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Calculate desuperheated steam temp

Calculate desuperheated steam temp

Calculate desuperheated steam temp

Hello.  I'm working on a problem right now that I hope someone here can provide some input/ideas.  Here's the situation:

I have a superheated steam supply(about 200deg of superheat) that we can't directly supply to an exchanger due to fouling from the high wall temperature.  The plan is to install a drum upstream of the exchanger and bubble the superheated steam through a sparger up through the condensate that returns from the exchanger, which for all practicle purposes is at saturated conditions.

I need the steam to come out approximately with only approximately 20-25 degrees of superheat (less would be better).  I need to determine the liquid level required to give adequate heat transfer such that the temperature is reached.  From there, I can size my drum.

This is currently done at a few other sites, but no design info is available.  

Here is what I am thinking:

1) Calculate bubble diameter(assuming sphere) for a known orifice diameter.
2) From bubble diameter, I can determine a rise velocity.
3) In Mccabe Smith and Harriot, I see a Nusselt number formula for heat transfer between a flowing fluid and the surface of a single sphere.
4) Here's where I'm getting a little uneasy: Based on the ho I calculate from the nusselt number (ho*Dp/kf), can I simply solve the formula hi=mCp(Tb-Ta)/(PI*D*L*deltatLM) for my temp?  Rather than L being length of a tube, use depth of liquid, and make D bubble diameter?  I don't believe I can make those changes.  

There must be a correlation for something like this.  I have searched through my books and on the internet, but I have not run across anything yet.  Any guidance would be greatly appreciated.  Thanks.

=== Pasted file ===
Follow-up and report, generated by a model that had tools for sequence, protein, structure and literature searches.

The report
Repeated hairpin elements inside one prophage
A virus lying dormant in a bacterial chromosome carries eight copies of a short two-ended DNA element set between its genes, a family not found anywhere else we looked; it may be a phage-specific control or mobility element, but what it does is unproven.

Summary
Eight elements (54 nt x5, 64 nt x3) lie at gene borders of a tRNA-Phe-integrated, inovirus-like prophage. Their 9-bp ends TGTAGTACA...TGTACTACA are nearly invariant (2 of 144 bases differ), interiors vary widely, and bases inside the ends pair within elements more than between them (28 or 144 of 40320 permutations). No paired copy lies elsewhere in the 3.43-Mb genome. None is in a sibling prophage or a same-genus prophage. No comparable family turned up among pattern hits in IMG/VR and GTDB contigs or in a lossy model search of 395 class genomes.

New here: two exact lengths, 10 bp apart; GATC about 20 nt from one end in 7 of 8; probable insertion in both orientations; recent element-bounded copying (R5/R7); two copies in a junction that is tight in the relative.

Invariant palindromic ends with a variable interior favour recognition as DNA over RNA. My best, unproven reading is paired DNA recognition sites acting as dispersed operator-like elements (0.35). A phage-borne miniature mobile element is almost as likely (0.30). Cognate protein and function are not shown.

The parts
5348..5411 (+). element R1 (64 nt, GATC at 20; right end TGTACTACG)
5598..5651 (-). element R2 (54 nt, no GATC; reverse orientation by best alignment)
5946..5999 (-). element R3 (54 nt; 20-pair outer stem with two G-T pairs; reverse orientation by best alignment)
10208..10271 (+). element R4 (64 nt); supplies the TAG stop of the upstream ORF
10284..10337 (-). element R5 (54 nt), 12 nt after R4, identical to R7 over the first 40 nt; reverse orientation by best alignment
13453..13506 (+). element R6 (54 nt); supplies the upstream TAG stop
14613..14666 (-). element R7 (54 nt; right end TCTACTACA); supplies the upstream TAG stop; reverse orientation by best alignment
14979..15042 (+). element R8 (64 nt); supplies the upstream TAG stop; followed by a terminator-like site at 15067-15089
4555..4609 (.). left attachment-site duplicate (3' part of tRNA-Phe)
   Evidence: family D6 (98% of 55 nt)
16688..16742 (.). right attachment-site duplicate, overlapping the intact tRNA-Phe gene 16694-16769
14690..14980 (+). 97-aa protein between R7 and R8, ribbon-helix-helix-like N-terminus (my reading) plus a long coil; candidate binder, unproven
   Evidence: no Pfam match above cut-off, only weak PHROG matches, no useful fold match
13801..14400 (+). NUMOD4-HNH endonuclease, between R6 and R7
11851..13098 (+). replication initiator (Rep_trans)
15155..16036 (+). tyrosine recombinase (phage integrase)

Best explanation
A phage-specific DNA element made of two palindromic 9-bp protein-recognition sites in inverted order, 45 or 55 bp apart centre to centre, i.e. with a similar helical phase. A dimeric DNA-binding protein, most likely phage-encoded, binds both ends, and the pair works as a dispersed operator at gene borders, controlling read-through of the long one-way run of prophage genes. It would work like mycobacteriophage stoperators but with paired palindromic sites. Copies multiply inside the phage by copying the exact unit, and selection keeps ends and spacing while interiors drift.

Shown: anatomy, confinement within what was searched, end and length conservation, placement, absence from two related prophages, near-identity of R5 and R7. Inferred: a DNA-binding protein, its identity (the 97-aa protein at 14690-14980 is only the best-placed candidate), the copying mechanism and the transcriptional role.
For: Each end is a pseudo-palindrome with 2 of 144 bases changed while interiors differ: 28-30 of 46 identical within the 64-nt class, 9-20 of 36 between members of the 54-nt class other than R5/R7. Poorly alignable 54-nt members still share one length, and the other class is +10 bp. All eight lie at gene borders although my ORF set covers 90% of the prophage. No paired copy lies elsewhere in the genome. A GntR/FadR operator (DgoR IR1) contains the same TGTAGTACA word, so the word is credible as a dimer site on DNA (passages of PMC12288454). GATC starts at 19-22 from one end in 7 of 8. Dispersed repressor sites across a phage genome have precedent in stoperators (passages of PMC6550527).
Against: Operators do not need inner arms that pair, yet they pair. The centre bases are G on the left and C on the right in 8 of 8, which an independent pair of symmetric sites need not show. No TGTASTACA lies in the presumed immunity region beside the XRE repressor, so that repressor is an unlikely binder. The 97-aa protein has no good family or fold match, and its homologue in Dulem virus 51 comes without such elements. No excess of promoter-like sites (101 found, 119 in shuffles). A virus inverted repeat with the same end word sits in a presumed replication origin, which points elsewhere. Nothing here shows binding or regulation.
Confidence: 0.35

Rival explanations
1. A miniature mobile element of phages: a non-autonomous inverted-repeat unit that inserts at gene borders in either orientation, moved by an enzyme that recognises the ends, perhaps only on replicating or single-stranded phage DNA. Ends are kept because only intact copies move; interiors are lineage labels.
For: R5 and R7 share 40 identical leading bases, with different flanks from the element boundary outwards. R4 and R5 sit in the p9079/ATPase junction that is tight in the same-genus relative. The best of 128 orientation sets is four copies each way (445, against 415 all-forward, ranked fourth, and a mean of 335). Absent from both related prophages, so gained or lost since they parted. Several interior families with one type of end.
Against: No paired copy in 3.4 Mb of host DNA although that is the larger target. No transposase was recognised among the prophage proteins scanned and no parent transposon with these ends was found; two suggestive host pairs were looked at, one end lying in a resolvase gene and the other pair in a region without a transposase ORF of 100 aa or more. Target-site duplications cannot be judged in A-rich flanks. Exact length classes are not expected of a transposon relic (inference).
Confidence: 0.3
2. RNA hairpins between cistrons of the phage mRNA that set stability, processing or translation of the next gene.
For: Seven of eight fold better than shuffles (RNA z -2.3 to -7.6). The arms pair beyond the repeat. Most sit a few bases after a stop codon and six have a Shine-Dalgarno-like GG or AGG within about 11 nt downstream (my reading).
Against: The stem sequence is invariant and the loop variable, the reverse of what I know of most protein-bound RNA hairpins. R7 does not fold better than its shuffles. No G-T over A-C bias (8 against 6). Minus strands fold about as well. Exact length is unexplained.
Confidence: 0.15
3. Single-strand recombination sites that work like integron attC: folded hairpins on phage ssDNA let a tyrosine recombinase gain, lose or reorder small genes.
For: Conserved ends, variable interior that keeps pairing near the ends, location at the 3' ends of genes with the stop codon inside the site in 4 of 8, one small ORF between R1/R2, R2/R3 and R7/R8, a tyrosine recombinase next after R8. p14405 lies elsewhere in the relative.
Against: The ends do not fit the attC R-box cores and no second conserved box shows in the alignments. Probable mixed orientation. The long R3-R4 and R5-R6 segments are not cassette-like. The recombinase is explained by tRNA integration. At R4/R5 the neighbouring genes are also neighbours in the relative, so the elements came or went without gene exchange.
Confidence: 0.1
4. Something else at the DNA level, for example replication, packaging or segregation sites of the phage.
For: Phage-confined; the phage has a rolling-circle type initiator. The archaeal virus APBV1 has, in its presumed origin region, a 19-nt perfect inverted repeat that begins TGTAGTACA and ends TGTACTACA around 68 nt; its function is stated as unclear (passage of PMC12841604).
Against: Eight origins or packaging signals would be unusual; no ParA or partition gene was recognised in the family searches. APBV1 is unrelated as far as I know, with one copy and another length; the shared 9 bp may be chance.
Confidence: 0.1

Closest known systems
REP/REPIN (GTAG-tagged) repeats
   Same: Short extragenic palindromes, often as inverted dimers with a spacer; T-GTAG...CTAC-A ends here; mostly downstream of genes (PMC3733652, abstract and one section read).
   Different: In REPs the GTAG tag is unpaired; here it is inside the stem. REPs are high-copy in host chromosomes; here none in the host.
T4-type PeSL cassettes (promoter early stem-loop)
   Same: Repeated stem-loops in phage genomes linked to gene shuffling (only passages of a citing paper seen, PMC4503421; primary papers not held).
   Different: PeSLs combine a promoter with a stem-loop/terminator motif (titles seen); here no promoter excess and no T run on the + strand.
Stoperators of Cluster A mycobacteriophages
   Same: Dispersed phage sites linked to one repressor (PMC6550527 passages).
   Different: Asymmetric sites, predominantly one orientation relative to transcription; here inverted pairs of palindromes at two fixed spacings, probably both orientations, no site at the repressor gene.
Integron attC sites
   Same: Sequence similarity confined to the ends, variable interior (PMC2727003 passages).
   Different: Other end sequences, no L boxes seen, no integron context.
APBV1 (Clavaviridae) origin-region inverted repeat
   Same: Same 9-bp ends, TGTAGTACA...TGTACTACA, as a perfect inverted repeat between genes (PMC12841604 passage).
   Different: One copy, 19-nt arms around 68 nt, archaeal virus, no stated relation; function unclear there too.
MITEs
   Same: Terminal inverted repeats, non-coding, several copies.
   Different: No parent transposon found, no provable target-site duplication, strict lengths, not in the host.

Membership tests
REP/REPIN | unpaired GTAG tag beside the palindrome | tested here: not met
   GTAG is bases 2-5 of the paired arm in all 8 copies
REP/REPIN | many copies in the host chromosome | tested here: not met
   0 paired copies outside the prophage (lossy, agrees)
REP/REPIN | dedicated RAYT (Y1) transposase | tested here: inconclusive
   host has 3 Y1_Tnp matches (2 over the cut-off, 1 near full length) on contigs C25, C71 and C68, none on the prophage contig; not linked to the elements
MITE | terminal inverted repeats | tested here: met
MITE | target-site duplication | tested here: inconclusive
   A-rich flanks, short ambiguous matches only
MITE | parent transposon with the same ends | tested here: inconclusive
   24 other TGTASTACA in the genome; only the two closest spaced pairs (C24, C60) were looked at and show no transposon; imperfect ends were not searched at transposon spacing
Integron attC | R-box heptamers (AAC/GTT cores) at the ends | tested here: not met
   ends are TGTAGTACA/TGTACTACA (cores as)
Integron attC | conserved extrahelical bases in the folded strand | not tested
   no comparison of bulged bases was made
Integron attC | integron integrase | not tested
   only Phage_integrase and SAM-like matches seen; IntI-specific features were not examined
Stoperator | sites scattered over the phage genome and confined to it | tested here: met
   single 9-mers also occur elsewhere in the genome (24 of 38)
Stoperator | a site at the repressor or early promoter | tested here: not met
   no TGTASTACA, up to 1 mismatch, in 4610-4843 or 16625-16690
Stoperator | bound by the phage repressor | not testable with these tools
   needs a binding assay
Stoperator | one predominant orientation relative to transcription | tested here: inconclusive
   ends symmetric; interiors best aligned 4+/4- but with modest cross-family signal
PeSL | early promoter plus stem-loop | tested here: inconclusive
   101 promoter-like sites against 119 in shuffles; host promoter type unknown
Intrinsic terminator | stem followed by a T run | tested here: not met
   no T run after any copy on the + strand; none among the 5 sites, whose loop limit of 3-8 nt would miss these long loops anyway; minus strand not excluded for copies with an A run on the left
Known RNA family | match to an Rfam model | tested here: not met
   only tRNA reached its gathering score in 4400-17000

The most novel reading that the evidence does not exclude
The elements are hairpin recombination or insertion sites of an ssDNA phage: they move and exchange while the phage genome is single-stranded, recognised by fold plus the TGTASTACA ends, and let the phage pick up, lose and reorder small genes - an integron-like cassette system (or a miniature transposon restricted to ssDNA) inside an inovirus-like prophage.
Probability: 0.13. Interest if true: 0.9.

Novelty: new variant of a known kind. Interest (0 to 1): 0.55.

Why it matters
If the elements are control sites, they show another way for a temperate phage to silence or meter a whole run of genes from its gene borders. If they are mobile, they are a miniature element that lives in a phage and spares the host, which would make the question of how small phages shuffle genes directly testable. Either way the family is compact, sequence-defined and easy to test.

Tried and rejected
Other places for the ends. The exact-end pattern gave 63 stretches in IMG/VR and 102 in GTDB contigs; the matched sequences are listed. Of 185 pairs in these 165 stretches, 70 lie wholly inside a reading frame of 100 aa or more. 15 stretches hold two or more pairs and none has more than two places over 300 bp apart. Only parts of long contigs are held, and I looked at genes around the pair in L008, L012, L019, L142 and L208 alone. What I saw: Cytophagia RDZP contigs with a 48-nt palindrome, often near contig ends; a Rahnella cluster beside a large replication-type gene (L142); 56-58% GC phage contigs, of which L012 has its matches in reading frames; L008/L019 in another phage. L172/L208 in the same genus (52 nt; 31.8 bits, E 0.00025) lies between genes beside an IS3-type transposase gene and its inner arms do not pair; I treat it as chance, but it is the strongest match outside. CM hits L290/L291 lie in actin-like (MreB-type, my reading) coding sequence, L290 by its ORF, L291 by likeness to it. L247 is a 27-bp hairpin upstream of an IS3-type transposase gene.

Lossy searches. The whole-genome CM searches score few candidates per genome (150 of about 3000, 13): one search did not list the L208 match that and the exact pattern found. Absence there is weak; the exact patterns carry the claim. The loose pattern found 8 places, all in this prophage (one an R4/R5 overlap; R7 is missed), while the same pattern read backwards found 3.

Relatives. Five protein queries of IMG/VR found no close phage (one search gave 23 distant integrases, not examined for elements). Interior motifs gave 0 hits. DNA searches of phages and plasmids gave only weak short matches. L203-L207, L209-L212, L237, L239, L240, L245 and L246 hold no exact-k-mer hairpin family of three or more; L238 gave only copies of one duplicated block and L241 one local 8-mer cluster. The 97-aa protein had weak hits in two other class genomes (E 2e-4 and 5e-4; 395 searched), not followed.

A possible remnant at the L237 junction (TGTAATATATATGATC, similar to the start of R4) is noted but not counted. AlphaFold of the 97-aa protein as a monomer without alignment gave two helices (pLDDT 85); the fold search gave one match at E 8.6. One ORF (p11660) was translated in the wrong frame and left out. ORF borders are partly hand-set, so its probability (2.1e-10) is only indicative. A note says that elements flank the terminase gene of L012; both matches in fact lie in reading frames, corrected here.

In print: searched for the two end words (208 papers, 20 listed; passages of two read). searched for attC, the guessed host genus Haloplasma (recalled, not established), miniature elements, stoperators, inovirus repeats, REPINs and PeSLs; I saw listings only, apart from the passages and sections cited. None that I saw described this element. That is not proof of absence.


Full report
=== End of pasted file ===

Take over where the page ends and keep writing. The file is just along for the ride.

RE: Calculate desuperheated steam temp

How are you going to get the condensate from the exchanger to this drum so the steam can bubble through it?  Is the exchanger above where you are doing to put the drum?

There would seem to be some hydraulic issues to work out given the inlet steam pressure has to be above the condensate pressure especially with the pressure losses through your proposed steam sparger.

I would look at a desuperheater.  Some designs will entrain the condensate into the steam by means of a venturi to create a localized low pressure zone..  While there are limits how much lower than steam pressure the condensate pressure can be, your system should be a good candidate for it.  Plus, you can get down to within 5F of saturation easily.

RE: Calculate desuperheated steam temp


TD2K is right on.... the way that power plants deal with this issue is to desuperheat the steam using a device mounted in the steam piping. Desuperheating can be done to about 15 degrees of saturation. Large turndowns are available.

You must have a source of clean water (typically treated feedwater) at a higher pressure than the steam.

See these links....




Good luck............

Let us know what you finally decide upon


RE: Calculate desuperheated steam temp

Thanks for the replies.  The exchanger will be above the return drum, and the steam pressure drop through the exchanger is minimal.  There will be enough elevation difference for the hydraulics to work.  I had asked about an inline desuperheater, but that's not the direction the client wants to go.  Like I said earlier, they have the type of configuration I described in operation at other sites.

Looking at the equation I listed above, I don't think I can get what I mentioned above.  I hadn't given it enough thought.  If anything, the PI*D*L I would think would have to be replaced with bubble surface area, but I am still not certain this gets me to where I want to be.

I'll take any suggestions, and I'll keep searching.


RE: Calculate desuperheated steam temp

Looking for bubble columns and gas dispersions I found Perry VI tabulates the final velocities of air bubbles rising in water at 20 Celsius as function of the bubble diameter from 10 to 300 micrometers. The velocities range from 0.61 mm/s up to 49.38 mm/s. If superheated steam bubbles sparged through condensate behave similarly, it might be that table 18-23 is of help.

RE: Calculate desuperheated steam temp


Bubbling superheated steam through condensate is not a good idea.  

Steam condensers(condensing heat exchangers) have been used, but it begs the question of the cost of creating superheated steam in the first place.

Modern desuperheaters are far more controllable and cost effective.

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